After having played a direct role in obtaining verdicts that, combined, grew to be worth a half-billion dollars, Perry Weitz decided it was time to hand off the job of engaging in courtroom combat to his team of extraordinary litigators while he focused on other, equally productive avenues of justice.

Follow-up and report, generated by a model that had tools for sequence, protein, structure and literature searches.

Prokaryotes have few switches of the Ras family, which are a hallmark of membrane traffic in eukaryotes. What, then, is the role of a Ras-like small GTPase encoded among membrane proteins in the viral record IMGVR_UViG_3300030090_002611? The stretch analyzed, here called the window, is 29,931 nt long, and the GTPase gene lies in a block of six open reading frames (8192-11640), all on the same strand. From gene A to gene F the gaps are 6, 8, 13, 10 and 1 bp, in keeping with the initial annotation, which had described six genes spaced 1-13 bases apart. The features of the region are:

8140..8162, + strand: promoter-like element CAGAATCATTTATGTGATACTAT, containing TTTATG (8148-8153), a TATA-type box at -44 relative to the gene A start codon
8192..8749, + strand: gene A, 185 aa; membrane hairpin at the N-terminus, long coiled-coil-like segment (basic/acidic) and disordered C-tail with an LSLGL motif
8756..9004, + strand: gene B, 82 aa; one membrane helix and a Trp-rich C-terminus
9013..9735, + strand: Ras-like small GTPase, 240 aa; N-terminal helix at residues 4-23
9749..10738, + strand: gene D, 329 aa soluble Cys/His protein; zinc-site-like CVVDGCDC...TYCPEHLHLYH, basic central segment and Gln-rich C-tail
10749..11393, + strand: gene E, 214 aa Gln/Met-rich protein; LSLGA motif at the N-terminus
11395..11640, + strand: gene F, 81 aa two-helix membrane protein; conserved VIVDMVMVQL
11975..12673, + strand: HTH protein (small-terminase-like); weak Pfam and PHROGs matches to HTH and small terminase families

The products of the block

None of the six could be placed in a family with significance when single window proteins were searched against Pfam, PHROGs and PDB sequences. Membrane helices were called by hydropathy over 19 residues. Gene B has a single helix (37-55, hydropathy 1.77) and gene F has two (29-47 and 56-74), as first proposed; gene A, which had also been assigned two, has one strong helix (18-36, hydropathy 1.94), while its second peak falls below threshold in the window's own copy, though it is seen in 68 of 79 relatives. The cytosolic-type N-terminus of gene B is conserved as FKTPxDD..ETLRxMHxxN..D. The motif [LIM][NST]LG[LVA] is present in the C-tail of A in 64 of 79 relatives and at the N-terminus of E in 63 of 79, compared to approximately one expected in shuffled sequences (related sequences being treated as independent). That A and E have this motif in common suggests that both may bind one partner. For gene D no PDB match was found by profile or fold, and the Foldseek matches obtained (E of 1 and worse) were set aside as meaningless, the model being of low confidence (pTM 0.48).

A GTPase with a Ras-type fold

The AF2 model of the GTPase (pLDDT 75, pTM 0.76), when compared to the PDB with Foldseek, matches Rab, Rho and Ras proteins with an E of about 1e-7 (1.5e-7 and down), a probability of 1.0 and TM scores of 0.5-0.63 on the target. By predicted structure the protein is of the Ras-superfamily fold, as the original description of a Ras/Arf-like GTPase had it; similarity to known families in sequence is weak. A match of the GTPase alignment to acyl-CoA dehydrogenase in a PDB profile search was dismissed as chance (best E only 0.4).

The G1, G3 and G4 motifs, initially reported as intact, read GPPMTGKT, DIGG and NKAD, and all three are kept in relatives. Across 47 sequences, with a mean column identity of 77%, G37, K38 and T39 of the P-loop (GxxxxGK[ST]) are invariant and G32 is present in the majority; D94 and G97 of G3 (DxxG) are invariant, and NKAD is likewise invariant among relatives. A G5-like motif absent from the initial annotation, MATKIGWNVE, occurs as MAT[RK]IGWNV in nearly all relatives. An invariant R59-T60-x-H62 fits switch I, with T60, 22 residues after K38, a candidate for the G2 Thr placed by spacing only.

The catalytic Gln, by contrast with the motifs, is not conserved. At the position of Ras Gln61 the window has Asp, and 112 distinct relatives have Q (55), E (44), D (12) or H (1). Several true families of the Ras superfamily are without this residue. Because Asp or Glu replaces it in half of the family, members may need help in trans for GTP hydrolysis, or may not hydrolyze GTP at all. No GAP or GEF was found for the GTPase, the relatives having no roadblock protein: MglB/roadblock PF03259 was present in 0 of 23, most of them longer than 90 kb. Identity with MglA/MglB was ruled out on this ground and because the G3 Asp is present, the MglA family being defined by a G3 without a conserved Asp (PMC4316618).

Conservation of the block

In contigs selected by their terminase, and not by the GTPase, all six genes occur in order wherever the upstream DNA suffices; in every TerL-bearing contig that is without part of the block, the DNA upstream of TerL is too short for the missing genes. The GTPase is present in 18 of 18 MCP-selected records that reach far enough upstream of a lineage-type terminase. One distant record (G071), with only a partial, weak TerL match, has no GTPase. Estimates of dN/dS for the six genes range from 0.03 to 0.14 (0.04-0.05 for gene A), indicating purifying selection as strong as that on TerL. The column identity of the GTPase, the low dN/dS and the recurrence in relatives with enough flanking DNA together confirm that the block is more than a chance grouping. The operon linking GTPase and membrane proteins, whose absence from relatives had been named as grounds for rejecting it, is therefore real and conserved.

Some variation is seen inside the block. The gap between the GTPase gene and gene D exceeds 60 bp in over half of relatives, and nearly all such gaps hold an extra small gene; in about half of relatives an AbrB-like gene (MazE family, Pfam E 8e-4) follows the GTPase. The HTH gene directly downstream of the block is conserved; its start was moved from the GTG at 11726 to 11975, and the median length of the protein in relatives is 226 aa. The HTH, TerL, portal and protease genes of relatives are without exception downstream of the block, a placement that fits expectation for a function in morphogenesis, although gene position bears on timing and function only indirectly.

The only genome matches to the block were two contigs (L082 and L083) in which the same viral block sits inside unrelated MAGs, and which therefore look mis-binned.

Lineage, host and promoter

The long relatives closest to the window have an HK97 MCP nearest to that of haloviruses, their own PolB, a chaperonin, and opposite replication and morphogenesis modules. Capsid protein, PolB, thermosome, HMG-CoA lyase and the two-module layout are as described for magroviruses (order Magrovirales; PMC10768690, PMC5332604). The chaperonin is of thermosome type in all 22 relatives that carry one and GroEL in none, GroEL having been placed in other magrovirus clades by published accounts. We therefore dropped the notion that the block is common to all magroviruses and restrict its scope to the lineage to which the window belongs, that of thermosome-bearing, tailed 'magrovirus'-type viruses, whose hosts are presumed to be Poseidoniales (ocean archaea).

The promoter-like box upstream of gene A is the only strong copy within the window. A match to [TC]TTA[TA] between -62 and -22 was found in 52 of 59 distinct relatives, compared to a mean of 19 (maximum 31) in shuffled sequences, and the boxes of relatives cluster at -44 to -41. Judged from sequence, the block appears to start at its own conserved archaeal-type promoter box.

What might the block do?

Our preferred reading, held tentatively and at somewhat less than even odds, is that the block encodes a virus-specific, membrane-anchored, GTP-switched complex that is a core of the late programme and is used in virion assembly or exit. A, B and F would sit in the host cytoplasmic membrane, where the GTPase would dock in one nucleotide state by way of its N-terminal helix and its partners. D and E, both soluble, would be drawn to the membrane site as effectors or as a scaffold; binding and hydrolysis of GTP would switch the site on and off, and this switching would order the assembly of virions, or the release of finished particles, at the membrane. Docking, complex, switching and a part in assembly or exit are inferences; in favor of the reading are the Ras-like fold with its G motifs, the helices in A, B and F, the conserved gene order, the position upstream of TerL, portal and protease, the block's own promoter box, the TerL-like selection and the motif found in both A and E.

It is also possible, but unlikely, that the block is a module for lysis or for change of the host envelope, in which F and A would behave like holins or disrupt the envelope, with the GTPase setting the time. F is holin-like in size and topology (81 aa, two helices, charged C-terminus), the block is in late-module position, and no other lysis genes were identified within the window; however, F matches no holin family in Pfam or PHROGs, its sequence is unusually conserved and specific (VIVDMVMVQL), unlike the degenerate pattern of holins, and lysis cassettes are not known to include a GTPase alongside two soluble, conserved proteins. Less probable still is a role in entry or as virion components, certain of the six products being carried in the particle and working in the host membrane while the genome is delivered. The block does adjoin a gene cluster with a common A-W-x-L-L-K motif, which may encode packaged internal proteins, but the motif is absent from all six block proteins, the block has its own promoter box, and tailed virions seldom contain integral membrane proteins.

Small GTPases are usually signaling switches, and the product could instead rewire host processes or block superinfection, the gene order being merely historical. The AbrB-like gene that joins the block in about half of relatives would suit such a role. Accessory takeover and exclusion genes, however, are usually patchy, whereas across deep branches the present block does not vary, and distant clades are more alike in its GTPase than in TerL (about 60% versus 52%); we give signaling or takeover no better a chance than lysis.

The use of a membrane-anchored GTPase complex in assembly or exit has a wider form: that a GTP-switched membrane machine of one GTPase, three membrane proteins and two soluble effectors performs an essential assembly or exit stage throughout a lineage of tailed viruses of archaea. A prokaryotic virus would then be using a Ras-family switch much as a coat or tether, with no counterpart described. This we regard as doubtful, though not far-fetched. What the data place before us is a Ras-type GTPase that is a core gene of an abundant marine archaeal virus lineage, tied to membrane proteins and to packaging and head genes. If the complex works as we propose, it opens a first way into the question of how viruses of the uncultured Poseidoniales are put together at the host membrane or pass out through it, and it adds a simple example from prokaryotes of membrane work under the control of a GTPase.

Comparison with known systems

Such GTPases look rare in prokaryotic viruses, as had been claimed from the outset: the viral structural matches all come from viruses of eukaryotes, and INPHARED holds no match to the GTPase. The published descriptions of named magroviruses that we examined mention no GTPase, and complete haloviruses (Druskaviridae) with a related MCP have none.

Settlement negotiations, for instance. Mr. Weitz is a masterful negotiator who has over and over persuaded defendants that it is in their own best interests to agree, out-of-court, to do the right thing and pay the plaintiffs a generous sum in settlement. The firm’s principal negotiator, Mr. Weitz has in this way wrested from defendant companies hundreds of millions of settlement dollars to end litigations involving asbestos, but also pharmaceuticals (such as DES, Vioxx, Baycol, Zyprexa, Rezulin, Seroquel and others), medical devices (silicone breast-implants, chiefly), and environmental pollution (his part in securing a $425-million settlement in a case where gasoline additive was alleged responsible for contaminating groundwater supplies earned him nomination as “Trial Lawyer of the Year” by the Public Justice Foundation). Mr. Weitz over the span of his career has been involved in settlements of more than 1,000 individual cases.